Wednesday, February 27, 2013

Counsels of Perfection for Christian Mothers: Why a Rule?

As I start blogging this book the question that comes to my mind is:

What do I hope to get out of this study?

and also:  What do you, the readers, hope to get out of it?

The main thing I want to draw from this study is wisdom and a commitment to follow God's will more closely -- and practically, to make some habit-changes that will hopefully last beyond Lent.  

How about you?   Let's pray for each other, that God works through this book with each of us! 

Part 1 of Counsels of Perfection for Christian Mothers  hinges around developing a Rule of Life.   In a separate post I am going to put a list of various Rules I have found around the web.  

Before we can make a "rule", which is like a map to our goal, or in St Paul's language, an athletic training program, we have to know what we are aiming for (our goal or "end") and what is blocking the way (why we aren't already there!).    So Msgr Lejeune doesn't start right in with life advice, but first provides a definition and the opportunity for self-evaluation.

That gives us a sense of what direction we might need to take.  In details that might vary for different people but the main goal is the same for each of us -- to become closer to God and to cooperate more fully with His grace.   Of course, this is something we can't do for ourselves; only He can work this transformation in us, but He has given us many promises of aid in our journey. 

Chapter 1:   True and False Devotion

Our goal is perfection, as in "Be ye perfect, as your Father in Heaven is perfect."

Or, to say the same thing, to have a habit of true devotion.  True devotion is "accomplishing the will of God in a constant and generous fashion" Obviously, Jesus Christ is the model here.  His constant thought was to "do the will of Him who sent Me."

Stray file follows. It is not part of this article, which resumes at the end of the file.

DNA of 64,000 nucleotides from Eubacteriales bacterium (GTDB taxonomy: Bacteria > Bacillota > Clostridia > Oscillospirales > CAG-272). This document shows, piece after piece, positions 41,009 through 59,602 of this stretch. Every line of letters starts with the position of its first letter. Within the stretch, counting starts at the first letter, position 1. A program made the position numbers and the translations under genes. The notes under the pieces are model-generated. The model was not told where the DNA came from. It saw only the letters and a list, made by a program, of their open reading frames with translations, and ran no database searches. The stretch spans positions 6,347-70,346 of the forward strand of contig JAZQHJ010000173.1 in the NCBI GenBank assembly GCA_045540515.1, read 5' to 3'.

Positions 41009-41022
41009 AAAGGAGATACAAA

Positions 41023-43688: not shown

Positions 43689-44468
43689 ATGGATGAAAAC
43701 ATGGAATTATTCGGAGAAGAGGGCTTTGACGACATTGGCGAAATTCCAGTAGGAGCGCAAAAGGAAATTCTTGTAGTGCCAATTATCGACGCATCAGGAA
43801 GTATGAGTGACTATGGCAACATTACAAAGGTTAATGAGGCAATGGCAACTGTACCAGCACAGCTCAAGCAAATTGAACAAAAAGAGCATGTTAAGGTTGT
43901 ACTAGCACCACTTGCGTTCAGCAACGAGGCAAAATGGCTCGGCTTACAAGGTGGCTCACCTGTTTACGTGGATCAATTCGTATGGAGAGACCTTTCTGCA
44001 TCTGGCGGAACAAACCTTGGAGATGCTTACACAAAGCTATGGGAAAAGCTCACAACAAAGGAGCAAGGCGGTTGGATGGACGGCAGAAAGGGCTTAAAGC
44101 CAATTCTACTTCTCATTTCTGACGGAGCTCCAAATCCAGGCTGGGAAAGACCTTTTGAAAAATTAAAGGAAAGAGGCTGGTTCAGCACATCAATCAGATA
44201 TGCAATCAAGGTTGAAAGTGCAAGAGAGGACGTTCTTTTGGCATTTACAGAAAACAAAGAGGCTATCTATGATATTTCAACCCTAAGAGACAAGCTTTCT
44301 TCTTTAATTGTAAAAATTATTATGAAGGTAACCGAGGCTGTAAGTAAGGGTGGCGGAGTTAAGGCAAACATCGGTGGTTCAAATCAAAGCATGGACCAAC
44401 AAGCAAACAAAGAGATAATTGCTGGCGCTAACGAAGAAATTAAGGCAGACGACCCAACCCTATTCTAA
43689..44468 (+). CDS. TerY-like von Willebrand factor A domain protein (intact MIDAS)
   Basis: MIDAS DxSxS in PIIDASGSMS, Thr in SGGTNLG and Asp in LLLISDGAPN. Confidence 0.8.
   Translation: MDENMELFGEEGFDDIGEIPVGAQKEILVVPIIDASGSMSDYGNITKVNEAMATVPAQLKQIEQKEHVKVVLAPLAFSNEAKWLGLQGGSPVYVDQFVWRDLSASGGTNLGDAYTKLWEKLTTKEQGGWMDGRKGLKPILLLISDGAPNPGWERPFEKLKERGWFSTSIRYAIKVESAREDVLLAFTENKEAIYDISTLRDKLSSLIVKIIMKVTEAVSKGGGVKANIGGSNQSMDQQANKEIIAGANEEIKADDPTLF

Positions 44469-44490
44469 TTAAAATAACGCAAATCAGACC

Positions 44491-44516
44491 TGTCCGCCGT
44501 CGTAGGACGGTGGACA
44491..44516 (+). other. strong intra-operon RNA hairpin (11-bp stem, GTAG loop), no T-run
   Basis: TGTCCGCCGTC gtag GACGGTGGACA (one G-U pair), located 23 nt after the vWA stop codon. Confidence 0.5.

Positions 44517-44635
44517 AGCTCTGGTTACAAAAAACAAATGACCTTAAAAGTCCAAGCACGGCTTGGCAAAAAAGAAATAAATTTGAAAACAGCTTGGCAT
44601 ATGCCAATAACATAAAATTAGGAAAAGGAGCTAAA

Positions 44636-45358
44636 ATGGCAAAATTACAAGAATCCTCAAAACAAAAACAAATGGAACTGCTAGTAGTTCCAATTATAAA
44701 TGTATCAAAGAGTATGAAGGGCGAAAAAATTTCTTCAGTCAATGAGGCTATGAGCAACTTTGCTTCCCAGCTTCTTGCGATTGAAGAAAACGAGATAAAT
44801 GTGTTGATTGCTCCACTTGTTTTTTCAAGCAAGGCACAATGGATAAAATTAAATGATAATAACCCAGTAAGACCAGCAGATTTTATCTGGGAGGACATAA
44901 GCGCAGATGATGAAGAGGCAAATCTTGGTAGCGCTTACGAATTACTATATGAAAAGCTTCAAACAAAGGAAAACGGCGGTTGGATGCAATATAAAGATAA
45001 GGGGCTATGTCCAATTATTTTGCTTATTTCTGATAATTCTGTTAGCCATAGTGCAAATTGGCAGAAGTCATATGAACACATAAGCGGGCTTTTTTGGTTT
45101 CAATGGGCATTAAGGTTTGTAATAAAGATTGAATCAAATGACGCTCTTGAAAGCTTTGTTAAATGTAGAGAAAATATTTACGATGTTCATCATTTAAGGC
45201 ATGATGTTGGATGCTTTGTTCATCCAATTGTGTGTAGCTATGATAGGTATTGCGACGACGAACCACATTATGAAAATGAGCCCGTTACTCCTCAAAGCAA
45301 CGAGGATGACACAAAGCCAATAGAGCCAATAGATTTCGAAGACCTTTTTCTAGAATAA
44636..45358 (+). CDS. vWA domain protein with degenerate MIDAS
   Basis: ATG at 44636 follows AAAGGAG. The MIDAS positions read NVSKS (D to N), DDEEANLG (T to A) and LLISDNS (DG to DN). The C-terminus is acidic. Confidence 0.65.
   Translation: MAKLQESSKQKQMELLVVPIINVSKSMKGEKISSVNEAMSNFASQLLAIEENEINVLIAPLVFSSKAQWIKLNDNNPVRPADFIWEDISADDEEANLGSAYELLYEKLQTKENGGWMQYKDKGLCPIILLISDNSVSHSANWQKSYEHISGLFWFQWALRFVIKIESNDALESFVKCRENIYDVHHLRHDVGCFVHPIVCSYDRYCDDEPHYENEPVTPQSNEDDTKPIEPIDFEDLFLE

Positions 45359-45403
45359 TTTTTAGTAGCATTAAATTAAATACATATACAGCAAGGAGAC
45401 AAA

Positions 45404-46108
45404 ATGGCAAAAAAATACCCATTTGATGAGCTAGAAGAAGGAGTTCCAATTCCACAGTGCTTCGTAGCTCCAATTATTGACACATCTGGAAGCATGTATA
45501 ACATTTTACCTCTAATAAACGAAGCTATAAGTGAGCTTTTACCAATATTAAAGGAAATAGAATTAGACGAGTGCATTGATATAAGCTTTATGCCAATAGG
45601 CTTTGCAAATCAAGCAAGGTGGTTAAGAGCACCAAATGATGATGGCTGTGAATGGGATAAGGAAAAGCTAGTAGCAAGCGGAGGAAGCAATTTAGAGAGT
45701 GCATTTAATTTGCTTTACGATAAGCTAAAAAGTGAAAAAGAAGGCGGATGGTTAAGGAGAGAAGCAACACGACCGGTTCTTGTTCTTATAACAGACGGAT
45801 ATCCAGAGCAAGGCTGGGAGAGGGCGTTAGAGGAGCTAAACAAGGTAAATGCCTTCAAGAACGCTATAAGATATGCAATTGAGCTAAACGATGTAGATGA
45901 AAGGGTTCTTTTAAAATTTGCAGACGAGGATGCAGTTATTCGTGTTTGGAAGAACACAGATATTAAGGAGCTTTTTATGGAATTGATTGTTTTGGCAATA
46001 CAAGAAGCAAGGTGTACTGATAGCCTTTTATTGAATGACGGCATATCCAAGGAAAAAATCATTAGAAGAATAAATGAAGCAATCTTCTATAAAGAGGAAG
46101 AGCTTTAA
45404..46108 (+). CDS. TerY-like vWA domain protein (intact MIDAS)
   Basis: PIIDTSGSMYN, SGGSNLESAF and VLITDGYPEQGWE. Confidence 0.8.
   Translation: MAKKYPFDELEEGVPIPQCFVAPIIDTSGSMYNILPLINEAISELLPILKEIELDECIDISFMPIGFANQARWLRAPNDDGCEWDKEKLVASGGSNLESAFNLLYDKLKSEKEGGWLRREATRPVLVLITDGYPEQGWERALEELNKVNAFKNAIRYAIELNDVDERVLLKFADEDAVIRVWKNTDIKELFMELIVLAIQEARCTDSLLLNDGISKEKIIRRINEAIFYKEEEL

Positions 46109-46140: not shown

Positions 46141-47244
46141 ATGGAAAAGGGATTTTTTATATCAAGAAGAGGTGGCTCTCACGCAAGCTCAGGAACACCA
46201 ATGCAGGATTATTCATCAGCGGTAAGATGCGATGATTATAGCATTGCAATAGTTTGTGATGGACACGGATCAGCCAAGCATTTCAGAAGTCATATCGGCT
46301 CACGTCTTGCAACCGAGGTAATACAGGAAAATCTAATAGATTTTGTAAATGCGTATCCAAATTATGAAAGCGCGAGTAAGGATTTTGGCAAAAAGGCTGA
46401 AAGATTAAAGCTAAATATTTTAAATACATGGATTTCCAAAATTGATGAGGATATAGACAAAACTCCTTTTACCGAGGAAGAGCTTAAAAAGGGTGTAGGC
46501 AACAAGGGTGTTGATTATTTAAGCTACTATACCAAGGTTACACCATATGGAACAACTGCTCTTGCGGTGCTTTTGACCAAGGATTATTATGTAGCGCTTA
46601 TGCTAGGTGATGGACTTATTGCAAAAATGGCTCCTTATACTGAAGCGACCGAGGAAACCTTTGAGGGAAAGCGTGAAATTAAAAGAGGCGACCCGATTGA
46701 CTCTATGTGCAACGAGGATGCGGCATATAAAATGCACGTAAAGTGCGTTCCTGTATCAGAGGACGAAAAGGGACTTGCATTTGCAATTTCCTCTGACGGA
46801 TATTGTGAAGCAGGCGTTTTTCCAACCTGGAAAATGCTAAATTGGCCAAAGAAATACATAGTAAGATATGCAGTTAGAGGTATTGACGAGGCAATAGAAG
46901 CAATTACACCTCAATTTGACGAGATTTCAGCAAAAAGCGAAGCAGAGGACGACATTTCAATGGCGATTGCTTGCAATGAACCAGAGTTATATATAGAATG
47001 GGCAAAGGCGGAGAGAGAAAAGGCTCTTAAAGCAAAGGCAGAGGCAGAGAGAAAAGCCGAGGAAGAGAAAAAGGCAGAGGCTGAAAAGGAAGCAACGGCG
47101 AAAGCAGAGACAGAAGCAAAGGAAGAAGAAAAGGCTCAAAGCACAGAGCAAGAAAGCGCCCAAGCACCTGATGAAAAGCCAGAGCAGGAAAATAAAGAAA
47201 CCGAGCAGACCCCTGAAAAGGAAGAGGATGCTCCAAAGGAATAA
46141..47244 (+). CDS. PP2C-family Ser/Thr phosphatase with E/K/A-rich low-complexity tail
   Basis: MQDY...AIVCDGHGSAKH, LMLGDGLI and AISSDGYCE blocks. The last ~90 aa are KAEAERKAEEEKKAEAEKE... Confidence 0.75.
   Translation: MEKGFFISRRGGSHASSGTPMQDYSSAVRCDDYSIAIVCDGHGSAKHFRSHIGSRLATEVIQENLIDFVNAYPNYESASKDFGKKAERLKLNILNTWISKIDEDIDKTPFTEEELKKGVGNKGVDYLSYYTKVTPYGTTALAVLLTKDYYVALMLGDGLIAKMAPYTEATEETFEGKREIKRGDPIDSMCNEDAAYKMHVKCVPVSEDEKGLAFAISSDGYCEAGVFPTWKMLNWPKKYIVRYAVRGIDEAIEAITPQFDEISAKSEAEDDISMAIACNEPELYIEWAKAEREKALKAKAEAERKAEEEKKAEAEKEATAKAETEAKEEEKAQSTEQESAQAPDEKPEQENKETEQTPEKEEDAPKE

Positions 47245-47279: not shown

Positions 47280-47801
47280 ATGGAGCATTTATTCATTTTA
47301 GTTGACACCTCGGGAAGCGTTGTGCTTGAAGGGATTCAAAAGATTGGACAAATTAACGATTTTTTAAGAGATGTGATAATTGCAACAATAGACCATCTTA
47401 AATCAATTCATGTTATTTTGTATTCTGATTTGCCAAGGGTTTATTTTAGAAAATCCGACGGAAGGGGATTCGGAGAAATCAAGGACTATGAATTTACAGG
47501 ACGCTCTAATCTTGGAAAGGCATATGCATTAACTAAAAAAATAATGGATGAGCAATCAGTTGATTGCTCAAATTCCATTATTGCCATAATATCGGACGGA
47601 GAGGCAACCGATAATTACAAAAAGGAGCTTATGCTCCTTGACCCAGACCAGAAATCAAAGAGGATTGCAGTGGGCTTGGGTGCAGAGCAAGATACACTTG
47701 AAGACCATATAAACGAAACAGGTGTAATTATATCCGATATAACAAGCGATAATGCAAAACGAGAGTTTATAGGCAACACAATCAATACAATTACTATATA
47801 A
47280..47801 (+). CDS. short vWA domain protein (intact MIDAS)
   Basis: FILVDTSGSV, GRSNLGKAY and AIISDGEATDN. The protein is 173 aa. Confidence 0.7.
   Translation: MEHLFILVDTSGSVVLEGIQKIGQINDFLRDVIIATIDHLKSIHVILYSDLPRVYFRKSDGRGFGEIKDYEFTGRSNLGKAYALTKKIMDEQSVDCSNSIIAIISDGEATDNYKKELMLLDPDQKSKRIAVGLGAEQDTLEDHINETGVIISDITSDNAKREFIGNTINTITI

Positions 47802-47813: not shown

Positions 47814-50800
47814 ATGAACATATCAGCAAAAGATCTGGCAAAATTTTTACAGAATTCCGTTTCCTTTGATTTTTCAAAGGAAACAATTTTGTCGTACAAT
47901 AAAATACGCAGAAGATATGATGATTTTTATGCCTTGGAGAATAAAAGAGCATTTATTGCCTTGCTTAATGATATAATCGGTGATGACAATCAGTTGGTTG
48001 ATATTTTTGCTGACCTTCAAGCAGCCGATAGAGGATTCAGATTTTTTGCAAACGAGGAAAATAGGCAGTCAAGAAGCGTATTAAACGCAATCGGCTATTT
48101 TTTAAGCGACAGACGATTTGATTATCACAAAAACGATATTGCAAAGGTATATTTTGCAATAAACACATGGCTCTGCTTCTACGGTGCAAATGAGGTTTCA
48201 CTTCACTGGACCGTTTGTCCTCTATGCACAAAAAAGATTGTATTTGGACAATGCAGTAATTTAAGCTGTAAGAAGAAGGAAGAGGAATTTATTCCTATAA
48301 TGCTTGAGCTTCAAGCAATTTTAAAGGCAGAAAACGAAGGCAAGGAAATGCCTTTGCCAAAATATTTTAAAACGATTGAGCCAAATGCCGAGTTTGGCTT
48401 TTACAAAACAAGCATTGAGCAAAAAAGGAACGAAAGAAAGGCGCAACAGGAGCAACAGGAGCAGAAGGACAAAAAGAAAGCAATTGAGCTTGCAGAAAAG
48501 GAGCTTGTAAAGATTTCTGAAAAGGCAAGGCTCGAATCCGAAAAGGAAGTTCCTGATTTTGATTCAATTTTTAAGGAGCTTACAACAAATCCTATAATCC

I know very well that perfection is a loaded word nowadays.  Nowadays it means measuring up, which can cripple us with perceived expectations.  But its traditional meaning is something like  "becoming what you are" as Pope John Paul II often said.
Christian perfection is the supernatural or spiritual union with God which is possible of attainment in this life, and which may be called relative perfection, compatible with the absence of beatitude, and the presence of human miseries, rebellious passions, and even venial sins to which a just man is liable without a special grace and privilege of God. This perfection consists in charity, in the degree in which it is attainable in this life.   -- Catholic Encyclopedia,  Christian and Religious Perfection
True devotion: that seems a little easier to consider than perfection, which can become a sinkhole for pride and fear.   Considering devotion takes the focus off performance and puts it on relationship, on attention to God and His goodness.

I liked the meditation from Caryll Houselander that Cay posted for Lent: 

A mass of good resolutions, I think, are apt to end up in disappointment and to make one depressed.

Also direct fault-uprooting: it makes one concentrate too much on self, and that can be so depressing.

The only resolution I have ever found works is: "Whenever I want to think of myself, I will think of God."

If true devotion is following the will of God in love, false devotion is everything we do that looks good but is done for self-gratifying reasons; or sometimes, because we mistake exterior signs for the thing itself, as Michal mistook the statue of David for the real person.   Msgr Lejeune draws heavily on St Francis de Sales here so I will link to a couple of passages:

Devotion is for Everyone
True and False Devotion


Meditate upon or say the Prayer of Mme Elisabeth with which Msgr Lejeune closes this chapter.

"My God, what will happen to me today, I do not know; but I do know that nothing will happen to me which Thou hast not foreseen and ordained for my greater good.  I accept, then, Thy thrice holy will; I submit myself to it, and desire to delight in it despite all the revolts of my reason, and the repugnances of my nature."

Chapter 2:   Catalogue of Souls

This chapter aims to help you know where you are at present in your spiritual life.   

Msgr Lejeune doesn't spend much time on those who are in mortal sin and unwilling to repent; those people probably aren't reading his book anyway.  He focuses on those who are trying to improve or at least thinking about it, in what psychologists might call the "pre-contemplation" or "contemplation" stages of change 

Of those who are in a state of grace, ie not completely abandoned to sin, there are
  1. those whose souls are lukewarm, and who accept only the struggle against mortal sin ( here is an article by a former lukewarm Catholic)